Asian woman drinking coffee and straining to hear the birds outside.

The human body has some amazing and remarkable abilities. Scrapes, cuts, and broken bones are normally no problem for the human body to mend (I mean, sure, it takes a while, but your body can actually repair the huge bones in your arms and legs with little more than a splint and some time).

But you won’t be so lucky if the delicate hairs in your ears are compromised. For now at least.

It doesn’t seem quite fair when you can heal from significant bone injuries but you have problems repairing tiny hairs in your ear. What’s happening there?

When is Hearing Loss Permanent?

So, let’s get right to it. You’re sitting in your doctor’s office and you’re absorbing the news: you’re losing your hearing. So the first question you have is whether the hearing will ever come back. And the answer is… maybe.

It’s a bit anticlimactic, speaking dramatically.

But he isn’t wrong. Hearing loss comes in two basic forms:

  • Damage induced hearing loss: But there’s another, more prevalent type of hearing loss. This kind of hearing loss, called sensorineural hearing loss, is irreversible. Here’s what happens: there are fragile hairs in your ear that vibrate when hit with moving air (sound waves). Your brain is good at changing these vibrations into the sounds you hear. But loud sounds can cause damage to the hairs and, over time, reduce your hearing to the point where you require treatment.
  • Hearing impairment caused by a blockage: When there’s something obstructing your ear canal, you can show all the symptoms of hearing loss. A wide range of things, from something gross (earwax) to something frightening (a tumor), can be the cause of this obstruction. Fortunately, once the blockage is removed, your hearing usually returns to normal.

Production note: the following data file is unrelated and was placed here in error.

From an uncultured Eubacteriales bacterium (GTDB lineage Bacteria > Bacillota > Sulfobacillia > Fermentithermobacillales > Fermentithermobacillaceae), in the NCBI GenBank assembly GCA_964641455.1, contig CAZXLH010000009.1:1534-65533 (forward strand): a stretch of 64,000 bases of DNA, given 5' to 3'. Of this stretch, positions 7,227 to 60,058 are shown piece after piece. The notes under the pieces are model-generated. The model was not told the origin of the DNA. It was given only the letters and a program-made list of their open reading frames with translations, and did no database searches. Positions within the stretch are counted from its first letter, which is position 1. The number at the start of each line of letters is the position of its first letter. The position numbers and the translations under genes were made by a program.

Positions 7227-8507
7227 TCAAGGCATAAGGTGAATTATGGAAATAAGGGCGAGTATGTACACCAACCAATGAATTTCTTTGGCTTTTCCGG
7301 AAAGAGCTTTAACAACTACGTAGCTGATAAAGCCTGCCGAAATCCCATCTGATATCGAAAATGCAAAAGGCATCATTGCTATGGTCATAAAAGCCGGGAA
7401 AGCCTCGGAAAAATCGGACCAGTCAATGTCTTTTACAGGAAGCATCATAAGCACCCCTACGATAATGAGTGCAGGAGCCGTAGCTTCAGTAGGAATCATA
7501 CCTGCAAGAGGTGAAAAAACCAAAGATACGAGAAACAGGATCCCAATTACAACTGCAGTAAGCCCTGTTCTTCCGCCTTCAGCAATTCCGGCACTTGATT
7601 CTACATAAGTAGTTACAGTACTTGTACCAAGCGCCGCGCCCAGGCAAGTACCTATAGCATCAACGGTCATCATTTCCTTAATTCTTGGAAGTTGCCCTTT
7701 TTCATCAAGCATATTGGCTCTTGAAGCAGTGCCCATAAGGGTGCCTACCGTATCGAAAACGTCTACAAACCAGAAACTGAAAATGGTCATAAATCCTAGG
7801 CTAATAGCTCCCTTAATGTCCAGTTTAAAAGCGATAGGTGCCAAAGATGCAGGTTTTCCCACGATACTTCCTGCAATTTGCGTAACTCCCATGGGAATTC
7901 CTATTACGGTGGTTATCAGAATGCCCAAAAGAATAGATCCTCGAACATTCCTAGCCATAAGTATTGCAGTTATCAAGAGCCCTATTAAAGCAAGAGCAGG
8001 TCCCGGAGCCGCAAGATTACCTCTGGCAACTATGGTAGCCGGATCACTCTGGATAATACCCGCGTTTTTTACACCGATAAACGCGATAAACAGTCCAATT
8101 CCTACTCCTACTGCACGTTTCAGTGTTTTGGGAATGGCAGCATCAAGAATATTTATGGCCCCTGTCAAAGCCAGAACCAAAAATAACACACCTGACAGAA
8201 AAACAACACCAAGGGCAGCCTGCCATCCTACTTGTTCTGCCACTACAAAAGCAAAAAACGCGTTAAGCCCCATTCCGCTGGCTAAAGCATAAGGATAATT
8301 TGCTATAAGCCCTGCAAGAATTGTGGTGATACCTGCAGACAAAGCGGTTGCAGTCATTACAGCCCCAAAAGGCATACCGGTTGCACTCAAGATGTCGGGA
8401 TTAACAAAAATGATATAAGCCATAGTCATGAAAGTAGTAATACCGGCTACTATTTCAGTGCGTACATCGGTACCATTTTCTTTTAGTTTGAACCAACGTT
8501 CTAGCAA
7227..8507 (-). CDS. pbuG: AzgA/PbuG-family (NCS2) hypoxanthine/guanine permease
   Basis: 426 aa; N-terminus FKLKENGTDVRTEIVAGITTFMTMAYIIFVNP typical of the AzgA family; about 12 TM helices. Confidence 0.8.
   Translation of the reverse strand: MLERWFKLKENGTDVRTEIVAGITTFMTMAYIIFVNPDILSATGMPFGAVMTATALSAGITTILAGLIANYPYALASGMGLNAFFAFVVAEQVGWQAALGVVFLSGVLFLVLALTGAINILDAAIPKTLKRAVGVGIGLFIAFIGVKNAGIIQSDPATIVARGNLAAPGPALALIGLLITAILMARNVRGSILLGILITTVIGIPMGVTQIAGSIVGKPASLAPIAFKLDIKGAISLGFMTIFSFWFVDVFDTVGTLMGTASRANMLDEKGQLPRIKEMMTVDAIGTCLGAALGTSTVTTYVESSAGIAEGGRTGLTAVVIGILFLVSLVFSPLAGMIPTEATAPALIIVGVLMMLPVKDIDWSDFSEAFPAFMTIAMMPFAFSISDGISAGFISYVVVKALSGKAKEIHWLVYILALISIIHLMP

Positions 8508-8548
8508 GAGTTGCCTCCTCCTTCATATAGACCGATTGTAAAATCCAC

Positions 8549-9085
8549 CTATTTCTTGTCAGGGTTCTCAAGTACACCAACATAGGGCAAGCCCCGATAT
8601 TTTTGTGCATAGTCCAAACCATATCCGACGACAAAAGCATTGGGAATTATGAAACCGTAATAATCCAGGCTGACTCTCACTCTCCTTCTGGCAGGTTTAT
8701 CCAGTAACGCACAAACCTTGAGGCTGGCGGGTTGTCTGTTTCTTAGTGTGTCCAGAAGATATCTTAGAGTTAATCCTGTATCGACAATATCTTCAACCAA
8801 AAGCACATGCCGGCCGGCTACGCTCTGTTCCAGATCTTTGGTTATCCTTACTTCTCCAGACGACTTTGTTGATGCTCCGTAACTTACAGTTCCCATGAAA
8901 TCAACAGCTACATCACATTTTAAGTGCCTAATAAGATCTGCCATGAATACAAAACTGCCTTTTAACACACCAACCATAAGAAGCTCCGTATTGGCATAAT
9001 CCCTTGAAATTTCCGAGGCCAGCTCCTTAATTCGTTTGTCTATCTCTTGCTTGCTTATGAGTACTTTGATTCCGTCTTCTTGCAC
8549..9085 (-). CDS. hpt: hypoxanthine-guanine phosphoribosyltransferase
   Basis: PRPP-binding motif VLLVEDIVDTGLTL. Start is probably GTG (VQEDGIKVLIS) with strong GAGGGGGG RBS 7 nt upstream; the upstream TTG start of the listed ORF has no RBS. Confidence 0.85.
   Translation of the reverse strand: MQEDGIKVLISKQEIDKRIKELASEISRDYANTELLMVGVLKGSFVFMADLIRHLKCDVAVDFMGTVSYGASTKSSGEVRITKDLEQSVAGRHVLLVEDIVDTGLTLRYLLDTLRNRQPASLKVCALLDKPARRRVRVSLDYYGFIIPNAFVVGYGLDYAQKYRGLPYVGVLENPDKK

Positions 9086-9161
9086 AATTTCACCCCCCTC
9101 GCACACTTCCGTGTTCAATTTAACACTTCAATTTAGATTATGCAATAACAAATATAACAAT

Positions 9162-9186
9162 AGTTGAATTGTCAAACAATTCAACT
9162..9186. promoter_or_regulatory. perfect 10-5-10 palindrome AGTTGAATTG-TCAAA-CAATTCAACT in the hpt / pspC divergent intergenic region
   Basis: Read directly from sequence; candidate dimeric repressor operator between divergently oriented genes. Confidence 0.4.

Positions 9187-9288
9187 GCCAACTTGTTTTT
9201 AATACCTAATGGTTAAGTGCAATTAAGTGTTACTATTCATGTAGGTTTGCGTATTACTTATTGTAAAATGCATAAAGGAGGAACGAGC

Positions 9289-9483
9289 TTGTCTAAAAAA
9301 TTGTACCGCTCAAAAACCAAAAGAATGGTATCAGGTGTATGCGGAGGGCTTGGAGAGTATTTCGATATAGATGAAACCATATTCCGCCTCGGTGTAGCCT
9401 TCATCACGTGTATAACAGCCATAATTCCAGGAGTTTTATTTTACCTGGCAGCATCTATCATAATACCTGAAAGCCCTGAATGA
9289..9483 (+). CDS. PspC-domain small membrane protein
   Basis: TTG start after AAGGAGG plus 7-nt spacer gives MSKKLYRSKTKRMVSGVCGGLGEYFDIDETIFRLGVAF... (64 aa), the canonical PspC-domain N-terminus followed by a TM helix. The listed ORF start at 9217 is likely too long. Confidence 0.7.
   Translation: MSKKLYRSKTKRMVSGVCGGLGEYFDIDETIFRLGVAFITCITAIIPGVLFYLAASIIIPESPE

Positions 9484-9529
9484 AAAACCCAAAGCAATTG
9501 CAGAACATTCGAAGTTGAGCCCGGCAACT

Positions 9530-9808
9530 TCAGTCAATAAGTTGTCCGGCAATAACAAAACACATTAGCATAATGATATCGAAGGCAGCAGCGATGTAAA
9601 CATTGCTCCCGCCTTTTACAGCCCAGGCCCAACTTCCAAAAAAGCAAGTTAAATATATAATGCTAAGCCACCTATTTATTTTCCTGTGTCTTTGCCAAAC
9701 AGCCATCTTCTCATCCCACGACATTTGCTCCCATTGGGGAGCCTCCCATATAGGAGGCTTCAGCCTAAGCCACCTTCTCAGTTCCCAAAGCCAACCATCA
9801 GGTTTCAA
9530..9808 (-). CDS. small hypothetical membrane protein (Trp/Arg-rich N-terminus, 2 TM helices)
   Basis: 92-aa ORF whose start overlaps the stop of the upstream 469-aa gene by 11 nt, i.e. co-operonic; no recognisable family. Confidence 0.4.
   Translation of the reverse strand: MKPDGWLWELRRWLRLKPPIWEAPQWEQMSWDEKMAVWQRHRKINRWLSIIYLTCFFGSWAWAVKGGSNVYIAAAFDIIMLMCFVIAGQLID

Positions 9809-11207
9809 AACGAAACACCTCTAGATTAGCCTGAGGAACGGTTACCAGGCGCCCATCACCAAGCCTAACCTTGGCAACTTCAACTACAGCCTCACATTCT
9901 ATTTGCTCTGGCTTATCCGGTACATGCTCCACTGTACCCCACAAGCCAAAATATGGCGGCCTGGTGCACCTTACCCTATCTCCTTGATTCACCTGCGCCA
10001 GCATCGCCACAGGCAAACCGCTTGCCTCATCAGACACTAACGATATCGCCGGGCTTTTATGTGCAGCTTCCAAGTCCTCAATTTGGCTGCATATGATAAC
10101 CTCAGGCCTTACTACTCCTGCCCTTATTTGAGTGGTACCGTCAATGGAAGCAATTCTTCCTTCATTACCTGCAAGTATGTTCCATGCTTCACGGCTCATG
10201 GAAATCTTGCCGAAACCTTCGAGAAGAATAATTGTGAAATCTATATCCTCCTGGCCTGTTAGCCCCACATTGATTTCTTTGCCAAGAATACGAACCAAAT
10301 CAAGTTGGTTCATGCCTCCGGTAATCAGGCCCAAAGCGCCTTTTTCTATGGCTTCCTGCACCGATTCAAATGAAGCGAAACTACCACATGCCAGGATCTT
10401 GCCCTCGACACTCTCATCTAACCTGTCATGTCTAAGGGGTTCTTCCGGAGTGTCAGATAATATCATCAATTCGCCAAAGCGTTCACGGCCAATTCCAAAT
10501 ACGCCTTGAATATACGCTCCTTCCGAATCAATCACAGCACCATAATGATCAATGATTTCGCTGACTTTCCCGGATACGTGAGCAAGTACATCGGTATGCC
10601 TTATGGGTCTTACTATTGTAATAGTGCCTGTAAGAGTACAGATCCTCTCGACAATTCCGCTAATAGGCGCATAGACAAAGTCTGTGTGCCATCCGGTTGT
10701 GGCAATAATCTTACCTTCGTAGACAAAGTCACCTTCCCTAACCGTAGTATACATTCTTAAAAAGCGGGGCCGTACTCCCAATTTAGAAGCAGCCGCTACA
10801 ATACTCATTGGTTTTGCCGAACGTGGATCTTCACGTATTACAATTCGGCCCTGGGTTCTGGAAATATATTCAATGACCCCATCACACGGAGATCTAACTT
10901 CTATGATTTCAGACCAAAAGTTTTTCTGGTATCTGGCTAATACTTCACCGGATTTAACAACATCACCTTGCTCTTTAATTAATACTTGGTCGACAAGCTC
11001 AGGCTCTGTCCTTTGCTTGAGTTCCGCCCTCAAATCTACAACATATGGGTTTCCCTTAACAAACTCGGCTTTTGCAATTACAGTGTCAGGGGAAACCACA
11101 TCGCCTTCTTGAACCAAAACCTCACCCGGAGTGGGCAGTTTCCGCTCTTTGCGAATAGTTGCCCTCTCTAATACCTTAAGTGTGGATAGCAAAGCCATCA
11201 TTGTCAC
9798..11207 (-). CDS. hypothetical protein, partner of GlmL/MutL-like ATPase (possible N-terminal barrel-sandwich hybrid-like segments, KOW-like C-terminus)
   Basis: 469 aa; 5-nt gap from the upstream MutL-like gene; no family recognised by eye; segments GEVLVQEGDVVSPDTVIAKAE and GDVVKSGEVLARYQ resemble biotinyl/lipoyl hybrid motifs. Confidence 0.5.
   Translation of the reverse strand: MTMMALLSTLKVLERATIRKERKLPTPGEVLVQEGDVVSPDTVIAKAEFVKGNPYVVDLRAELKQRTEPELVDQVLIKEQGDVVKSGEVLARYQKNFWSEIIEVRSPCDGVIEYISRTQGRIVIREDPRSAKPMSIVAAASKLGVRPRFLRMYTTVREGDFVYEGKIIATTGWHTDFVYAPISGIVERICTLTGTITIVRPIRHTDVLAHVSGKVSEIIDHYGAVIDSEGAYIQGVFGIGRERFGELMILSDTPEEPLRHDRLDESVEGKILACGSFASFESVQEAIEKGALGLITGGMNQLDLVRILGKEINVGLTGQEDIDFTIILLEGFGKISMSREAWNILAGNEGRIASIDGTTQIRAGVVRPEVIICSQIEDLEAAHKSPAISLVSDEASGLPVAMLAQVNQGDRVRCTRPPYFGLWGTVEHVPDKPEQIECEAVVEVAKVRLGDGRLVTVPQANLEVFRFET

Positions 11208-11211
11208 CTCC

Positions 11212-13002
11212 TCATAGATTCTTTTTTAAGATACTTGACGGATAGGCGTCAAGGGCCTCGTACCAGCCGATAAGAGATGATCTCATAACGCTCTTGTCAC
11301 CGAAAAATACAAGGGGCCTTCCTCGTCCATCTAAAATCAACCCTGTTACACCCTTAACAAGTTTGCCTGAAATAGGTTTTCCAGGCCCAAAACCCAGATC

So here’s the main point: there’s one type of hearing loss you can recover from, and you may need to get tested to see which one you have.

Hearing Loss Treatment

Scientists haven’t found a “cure” for sensorineural hearing loss but they’re working on it. But your hearing loss still might be treatable. Here are a few ways that the proper treatment might help you:

  • Maintain a high quality of life.
  • Successfully manage hearing loss symptoms you may already have.
  • Protect and maintain your remaining hearing.
  • Help fend off mental decline.
  • Avoid isolation by remaining socially involved.

Of the many forms of treatment available, which one is right for you depends on the extent of your hearing loss. One of the most prevalent treatments is rather simple: hearing aids.

Why is Hearing Loss Successfully Managed With Hearing AIds?

You can get back to the things and people you enjoy with the help of hearing aids. They can help you hear the discussions, your phone, your television, or even just the birds in the park. Hearing aids can also take some of the pressure off of your brain because you won’t be straining to hear.

The Best Protection is Prevention

Whether you have hearing loss now or not, you should safeguard your hearing from loud noises and other things that can harm your hearing (like ototoxic drugs). Hearing well is essential to your overall health and well-being. Regular hearing care, like annual hearing tests, is just another form of self-care.

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The site information is for educational and informational purposes only and does not constitute medical advice. To receive personalized advice or treatment, schedule an appointment.

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